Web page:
19 Unit (4) Used to: (Past events & situations no more true, etc.), to be/get used to + ing 1. INTRODUCTION Used to resembles the Greek Paratatikos in that it refers to past events or situations that happened or were true for a period of time in the past. 2. FORMATION Used to is a modal verb and has only one form (past of use + to + infinitive) Affirmative Negative I, you, he, she, it, we, they used to sail I, you, he, she, it, we, they didn t use to (usedn t to) sail. Question Answer Did you use to sail those days? Yes, I did. / No, I didn t. 3. USE use For repeated actions in the past. For past actions/situations that do not exist any more. For states in the past that are not necessarily contrasted to the present. *This is no longer true. examples I used to work as an apprentice then* (but I don t any more). I used to like this boat but not any more. He used to be a naval officer. I used to love my wife very much. N.B.! Do not confuse I used to do with I am used to doing I used to work hard when I was young. (= I don t work hard any longer) I am used to working hard. (= I work hard and it doesn t bother me because I have been doing it for such a long time) Remember: be used to can be used in all tenses: The Cadet was soon used to doing shift work right from his first sail. I am used to doing is formal, so the pattern to be+ used to + noun/pronoun is more usual: The apprentice will soon get used to hard work. The new Captain seems nice, but I haven t got used to him yet Get, become and grow can also be used in place of to be before used to: The noise in the workshop is unpleasant, but you will soon get used to it. Little by little he became used to being on the sea for months. 12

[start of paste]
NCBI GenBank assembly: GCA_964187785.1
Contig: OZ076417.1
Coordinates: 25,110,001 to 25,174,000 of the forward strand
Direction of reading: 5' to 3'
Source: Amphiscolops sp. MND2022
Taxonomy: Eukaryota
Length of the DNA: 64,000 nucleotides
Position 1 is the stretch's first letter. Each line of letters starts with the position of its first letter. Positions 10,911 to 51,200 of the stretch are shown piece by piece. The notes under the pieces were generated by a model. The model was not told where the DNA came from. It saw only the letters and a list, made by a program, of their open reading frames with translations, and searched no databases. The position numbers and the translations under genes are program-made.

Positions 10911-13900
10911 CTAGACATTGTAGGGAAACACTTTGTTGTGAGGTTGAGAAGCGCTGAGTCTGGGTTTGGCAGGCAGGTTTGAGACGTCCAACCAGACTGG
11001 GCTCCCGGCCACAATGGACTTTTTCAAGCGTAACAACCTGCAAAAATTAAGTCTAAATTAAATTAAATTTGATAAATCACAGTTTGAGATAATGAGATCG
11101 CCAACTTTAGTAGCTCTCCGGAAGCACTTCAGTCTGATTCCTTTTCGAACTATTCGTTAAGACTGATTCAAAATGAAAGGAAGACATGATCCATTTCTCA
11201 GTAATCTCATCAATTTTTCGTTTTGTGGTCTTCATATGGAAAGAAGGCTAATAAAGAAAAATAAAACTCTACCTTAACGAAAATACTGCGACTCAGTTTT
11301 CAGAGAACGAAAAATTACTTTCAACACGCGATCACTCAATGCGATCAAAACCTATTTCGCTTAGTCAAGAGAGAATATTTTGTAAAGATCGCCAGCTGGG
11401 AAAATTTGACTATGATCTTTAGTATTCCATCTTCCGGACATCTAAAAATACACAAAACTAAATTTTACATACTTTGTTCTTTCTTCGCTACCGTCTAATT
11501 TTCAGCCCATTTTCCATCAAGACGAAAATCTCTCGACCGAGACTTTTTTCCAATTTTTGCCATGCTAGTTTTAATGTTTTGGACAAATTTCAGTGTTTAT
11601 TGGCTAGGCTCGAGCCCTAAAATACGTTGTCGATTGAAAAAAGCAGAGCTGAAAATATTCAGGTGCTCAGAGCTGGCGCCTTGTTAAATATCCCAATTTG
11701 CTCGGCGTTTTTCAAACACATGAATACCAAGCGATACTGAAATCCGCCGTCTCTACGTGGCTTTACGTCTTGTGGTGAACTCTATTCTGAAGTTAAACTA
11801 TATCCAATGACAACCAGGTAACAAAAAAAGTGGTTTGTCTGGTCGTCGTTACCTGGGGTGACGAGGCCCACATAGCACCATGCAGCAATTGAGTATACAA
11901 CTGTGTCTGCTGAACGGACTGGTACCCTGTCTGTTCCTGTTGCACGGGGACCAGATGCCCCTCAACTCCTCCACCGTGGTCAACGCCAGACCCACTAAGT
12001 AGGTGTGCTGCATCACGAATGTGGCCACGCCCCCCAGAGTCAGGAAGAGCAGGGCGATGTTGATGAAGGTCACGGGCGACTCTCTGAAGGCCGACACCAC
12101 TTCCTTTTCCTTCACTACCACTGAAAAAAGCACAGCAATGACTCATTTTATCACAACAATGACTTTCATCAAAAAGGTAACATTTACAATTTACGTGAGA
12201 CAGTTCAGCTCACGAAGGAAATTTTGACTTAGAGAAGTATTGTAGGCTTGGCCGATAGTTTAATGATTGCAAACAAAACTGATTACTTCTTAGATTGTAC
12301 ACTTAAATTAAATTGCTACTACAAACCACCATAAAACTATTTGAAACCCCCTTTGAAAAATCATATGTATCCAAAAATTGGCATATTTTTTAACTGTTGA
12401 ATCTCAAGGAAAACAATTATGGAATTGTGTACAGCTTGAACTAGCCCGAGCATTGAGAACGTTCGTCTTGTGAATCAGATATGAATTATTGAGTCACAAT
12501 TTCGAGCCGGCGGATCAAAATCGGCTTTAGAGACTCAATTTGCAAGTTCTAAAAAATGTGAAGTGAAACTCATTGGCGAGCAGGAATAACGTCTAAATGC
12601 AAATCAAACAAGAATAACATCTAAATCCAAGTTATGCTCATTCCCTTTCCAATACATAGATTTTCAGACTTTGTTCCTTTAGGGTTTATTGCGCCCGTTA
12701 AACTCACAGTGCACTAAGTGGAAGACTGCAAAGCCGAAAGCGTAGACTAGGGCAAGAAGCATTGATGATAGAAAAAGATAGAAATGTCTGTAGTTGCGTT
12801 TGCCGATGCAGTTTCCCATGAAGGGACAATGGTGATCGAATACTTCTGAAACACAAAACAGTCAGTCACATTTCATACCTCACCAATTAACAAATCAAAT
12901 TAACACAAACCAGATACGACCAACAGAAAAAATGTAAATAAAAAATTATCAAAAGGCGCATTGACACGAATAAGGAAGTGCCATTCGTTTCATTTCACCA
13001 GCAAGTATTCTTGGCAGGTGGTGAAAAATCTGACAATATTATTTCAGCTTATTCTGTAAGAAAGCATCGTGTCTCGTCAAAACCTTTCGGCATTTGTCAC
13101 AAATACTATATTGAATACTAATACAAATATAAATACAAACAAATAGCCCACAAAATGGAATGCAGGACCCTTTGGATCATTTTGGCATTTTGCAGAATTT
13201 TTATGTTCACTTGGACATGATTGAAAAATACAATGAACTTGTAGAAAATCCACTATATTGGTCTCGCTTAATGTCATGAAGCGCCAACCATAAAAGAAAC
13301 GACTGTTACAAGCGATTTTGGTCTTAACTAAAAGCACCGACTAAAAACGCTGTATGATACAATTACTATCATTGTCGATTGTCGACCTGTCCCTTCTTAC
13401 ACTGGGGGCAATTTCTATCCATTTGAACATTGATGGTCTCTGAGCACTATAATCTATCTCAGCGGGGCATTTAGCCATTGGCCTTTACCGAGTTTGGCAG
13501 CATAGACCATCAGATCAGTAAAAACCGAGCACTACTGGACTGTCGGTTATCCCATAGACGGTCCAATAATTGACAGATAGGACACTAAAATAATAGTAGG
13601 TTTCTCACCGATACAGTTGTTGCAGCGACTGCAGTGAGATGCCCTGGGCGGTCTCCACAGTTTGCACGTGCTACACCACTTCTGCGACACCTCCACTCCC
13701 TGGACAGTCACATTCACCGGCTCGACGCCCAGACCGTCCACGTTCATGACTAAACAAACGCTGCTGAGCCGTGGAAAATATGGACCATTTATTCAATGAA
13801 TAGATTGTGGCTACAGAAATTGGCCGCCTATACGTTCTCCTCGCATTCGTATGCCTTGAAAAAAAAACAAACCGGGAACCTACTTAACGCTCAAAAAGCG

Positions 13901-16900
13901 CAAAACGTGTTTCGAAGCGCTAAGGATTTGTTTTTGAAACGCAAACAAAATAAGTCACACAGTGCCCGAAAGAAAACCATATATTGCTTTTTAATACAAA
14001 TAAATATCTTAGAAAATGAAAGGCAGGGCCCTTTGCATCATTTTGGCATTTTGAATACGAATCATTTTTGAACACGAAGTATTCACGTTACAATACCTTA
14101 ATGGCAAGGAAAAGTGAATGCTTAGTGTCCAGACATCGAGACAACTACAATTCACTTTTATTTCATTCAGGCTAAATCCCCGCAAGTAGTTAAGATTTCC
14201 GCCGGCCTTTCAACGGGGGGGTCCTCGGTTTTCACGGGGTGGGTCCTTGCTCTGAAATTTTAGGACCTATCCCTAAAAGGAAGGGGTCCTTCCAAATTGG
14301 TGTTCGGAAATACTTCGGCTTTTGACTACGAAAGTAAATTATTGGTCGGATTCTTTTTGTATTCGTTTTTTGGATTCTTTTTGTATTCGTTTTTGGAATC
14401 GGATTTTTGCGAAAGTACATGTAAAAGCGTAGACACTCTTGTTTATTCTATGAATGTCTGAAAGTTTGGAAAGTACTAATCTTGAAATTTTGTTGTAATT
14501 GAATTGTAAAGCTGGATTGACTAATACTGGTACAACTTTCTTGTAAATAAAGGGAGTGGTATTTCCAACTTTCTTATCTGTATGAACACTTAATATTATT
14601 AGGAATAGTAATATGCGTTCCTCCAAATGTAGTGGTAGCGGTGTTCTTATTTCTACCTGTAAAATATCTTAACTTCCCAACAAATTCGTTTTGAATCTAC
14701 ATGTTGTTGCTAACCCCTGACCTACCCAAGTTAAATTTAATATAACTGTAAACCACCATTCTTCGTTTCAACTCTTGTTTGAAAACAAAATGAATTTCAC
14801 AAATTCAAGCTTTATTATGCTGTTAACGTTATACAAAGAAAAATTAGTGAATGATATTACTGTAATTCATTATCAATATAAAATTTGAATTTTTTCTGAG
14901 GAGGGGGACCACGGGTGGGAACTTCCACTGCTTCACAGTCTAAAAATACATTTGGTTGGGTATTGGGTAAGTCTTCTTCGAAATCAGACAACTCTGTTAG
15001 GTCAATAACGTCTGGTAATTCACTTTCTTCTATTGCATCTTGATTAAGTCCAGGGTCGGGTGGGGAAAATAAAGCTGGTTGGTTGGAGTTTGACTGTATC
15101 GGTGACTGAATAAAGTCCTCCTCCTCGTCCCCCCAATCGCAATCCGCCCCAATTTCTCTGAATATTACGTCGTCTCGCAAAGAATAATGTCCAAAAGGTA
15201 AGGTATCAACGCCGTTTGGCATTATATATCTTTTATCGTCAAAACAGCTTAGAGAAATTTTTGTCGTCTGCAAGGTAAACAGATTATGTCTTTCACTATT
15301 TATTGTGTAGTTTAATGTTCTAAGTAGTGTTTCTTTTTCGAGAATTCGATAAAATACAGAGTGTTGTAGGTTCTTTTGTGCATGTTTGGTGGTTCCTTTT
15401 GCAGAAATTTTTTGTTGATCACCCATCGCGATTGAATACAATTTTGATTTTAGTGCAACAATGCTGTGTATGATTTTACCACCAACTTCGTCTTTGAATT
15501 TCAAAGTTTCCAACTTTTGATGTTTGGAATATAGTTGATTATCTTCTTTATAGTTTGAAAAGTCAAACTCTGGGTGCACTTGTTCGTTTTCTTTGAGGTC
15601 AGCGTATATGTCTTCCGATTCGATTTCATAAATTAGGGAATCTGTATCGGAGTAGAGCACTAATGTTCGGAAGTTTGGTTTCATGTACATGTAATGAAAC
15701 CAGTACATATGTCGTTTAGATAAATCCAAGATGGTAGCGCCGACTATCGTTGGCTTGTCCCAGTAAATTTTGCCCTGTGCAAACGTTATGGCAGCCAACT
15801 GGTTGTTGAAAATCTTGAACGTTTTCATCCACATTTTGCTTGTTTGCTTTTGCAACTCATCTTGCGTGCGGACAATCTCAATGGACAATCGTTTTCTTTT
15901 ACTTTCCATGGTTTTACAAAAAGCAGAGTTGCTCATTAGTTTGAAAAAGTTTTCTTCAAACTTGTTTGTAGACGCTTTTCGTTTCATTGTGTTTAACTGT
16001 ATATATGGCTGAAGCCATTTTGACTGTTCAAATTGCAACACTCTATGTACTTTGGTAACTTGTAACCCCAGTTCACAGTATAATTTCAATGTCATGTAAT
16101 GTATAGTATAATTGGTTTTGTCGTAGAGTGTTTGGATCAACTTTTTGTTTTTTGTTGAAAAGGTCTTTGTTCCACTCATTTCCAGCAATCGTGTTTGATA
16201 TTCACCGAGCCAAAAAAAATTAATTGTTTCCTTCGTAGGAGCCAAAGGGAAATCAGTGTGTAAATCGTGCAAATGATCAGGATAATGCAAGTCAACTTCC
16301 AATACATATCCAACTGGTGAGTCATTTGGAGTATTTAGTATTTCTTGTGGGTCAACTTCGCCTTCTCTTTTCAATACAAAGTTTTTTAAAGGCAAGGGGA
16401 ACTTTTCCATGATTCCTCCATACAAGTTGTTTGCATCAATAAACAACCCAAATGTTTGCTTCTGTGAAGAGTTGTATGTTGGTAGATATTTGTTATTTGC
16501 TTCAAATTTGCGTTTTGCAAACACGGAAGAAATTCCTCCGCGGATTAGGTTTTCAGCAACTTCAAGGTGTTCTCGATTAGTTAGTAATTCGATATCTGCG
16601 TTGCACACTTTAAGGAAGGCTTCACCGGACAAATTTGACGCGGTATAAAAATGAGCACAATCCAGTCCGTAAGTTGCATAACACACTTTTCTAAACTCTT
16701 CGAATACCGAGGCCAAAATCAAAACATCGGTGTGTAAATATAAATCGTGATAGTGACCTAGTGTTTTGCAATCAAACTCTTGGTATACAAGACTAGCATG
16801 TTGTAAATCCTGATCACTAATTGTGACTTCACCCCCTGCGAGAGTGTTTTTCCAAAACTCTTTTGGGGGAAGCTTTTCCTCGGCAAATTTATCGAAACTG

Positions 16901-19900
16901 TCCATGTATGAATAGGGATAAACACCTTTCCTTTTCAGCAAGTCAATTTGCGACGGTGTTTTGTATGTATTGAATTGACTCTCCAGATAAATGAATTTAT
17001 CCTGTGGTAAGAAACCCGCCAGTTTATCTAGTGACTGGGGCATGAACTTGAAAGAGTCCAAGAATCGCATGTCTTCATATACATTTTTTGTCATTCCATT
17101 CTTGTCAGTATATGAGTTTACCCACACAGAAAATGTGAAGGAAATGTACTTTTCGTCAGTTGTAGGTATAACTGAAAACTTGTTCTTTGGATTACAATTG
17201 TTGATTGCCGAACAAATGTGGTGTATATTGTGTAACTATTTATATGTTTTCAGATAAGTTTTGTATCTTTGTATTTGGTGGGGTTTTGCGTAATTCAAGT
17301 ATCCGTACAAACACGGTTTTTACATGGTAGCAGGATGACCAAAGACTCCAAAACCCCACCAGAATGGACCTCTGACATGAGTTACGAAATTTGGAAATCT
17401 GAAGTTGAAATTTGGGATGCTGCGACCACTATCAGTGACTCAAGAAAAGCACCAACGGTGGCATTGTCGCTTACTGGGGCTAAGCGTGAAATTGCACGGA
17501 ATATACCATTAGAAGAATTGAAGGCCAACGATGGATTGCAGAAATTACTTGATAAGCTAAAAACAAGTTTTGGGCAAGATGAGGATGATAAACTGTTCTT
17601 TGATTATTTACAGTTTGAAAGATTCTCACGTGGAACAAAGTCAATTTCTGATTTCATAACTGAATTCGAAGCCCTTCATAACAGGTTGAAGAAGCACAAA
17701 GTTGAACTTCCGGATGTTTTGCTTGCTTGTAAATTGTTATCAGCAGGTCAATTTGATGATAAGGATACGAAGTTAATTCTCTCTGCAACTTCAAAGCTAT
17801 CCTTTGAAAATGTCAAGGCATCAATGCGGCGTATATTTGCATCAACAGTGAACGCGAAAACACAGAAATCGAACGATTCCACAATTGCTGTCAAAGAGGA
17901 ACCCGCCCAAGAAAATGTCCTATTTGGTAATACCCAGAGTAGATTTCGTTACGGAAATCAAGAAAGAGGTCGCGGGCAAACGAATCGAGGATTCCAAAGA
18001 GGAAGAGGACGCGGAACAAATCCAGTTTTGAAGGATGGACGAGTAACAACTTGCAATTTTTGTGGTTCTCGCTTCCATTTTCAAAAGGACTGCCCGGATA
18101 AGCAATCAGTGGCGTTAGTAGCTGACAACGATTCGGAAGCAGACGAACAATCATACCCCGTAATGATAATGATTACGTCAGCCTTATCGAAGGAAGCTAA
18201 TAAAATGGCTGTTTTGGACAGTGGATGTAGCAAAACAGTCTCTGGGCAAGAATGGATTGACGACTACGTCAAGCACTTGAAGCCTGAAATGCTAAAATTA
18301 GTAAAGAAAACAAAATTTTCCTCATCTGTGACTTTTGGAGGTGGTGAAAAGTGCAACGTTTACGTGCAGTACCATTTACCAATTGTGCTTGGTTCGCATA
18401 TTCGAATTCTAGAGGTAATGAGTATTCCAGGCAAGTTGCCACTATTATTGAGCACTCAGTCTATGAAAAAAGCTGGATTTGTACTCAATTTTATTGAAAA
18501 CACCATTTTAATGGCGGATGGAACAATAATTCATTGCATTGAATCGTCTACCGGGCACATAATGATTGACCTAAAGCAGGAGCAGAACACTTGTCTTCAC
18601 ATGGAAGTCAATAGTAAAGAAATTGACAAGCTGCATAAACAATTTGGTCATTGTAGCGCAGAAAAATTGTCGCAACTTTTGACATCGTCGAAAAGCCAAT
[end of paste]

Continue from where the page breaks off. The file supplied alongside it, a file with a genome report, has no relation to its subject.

20 It didn t take long the apprentice to grow used to the night shifts. Notes:. PRACTICE Unit (4) Exersises (4.1) Complete the sentences with: used to, didn t use to, did (you, he, etc) use to and one of the following verbs : be (2), bring, do, fix, go, have, read, telephone 1. The mate a guitar but sold it two years ago. 2. How the Chief Engineer that problem? 3. What the Captain when there was a storm coming? 4. Jim to the beach when he was on holiday. 5. As a boy the Captain much. Now he doesn t seem to be doing anything else in his free time. 6. The Second Engineer his wife on the VHS everyday when he was on a voyage. 7. The Bosun presents to his wife and children when he came back from his voyages. 8. Back a few years ago the busy port of Rafina a small fishing harbour. 9. The Captain s wife is coming on board in Hong Kong. Really? What does she look like? Well, I haven t seen her for 10 years; she a beautiful woman then. (4.2) Put the verbs in the Simple Past (to tell a story) or used to (to refer to a habit) : 1. We (sail) sailed into Syros port where we (load) general cargo. Then we (proceed) to Rhodes to load more cargo, but there (be) no cargo available there, so we (sail) back to Syros in ballast. Next we (call) at Syracuse where we (load) a cargo of fruit for Marseilles and then we (continue) on our course to Gibraltar. There we (take) bunkers and then (set) course for the Aegean. 13